Al-Qa’ida Deputy’s Death Weakens Group in Syria

On February 26, US military forces killed al-Qa’ida deputy leader Abu Khayr al-Masri in northwestern Syria, further undermining the organization’s command structure in Syria. Masri, the global deputy to al-Qa’ida leader Ayman al-Zawahiri, was a member of the Khorasan Group—a network of senior al-Qa’ida extremists in Syria dedicated to planning operations against the United States and Europe and advising the Nusrah Front, al-Qa’ida’s affiliate in the country.

  • Masri was considered a trusted advisor of Zawahiri, having fought alongside him as a member of the Egyptian Islamic Jihad, according to Western reporting. He was one of al-Qa’ida’s expert bomb-makers and was involved in the US Embassy bombings in Kenya and Tanzania in 1998, which killed 224 and injured over 4,000.
     
  • Masri was imprisoned in Iran from 2003-15 and later went to Syria with several other senior al-Qa’ida figures to advise and support the Nusrah Front in its fight against Syrian President Bashar al-Assad. In July 2016, Masri released an audio message claiming the Nusrah Front had severed ties with affiliated groups outside Syria—including al-Qa’ida—but he did not revoke allegiance to Zawahiri, suggesting communication between the groups continued.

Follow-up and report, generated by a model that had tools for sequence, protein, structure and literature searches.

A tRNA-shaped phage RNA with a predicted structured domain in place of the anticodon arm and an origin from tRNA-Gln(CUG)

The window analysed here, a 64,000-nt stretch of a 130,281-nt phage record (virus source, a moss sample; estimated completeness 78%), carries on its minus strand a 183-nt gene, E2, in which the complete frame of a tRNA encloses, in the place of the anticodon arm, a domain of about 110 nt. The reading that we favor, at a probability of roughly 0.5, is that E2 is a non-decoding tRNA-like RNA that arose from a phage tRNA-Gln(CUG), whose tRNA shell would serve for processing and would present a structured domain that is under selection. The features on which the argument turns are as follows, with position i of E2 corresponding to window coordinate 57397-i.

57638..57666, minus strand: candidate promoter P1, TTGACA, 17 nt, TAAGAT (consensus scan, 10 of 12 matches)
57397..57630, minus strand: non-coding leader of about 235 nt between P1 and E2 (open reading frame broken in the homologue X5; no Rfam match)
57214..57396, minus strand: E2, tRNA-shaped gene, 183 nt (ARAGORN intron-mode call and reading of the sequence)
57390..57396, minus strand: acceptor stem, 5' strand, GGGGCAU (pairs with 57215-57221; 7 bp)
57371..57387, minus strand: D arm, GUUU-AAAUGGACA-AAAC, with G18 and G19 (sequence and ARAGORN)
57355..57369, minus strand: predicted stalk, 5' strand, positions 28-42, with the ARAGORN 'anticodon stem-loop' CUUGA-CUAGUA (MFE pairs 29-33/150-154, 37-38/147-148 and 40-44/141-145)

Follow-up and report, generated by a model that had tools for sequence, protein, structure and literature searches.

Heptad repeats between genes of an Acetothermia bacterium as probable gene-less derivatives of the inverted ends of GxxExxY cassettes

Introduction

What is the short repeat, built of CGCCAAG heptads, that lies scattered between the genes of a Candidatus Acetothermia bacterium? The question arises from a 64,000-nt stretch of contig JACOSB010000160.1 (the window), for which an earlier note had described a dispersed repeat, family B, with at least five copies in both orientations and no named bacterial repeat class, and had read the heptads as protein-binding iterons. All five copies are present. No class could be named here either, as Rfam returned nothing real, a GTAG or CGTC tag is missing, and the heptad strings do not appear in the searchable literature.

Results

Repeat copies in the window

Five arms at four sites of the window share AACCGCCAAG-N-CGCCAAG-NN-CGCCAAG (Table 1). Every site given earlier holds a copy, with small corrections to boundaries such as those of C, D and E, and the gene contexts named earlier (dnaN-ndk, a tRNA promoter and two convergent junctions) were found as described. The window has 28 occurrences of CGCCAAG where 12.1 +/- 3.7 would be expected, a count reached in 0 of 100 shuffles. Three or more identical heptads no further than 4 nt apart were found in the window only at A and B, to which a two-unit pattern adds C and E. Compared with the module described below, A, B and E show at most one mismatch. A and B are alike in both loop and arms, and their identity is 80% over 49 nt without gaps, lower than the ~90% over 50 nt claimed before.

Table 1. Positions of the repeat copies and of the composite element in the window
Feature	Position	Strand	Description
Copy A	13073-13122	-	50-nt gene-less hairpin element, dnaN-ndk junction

• Since 2014, US and Coalition forces have conducted numerous airstrikes against al-Qa’ida in Syria, contributing to the loss of at least eight senior members. These losses, coupled with campaigns targeting al-Qa’ida affiliates in Yemen, Mali, and Somalia, have left the group on the defensive and reduced its ability to conduct attacks outside local areas of operation, including in the West.

For more information, please contact NJOHSP's Analysis Bureau at analysis@njohsp.gov or 609-584-4000.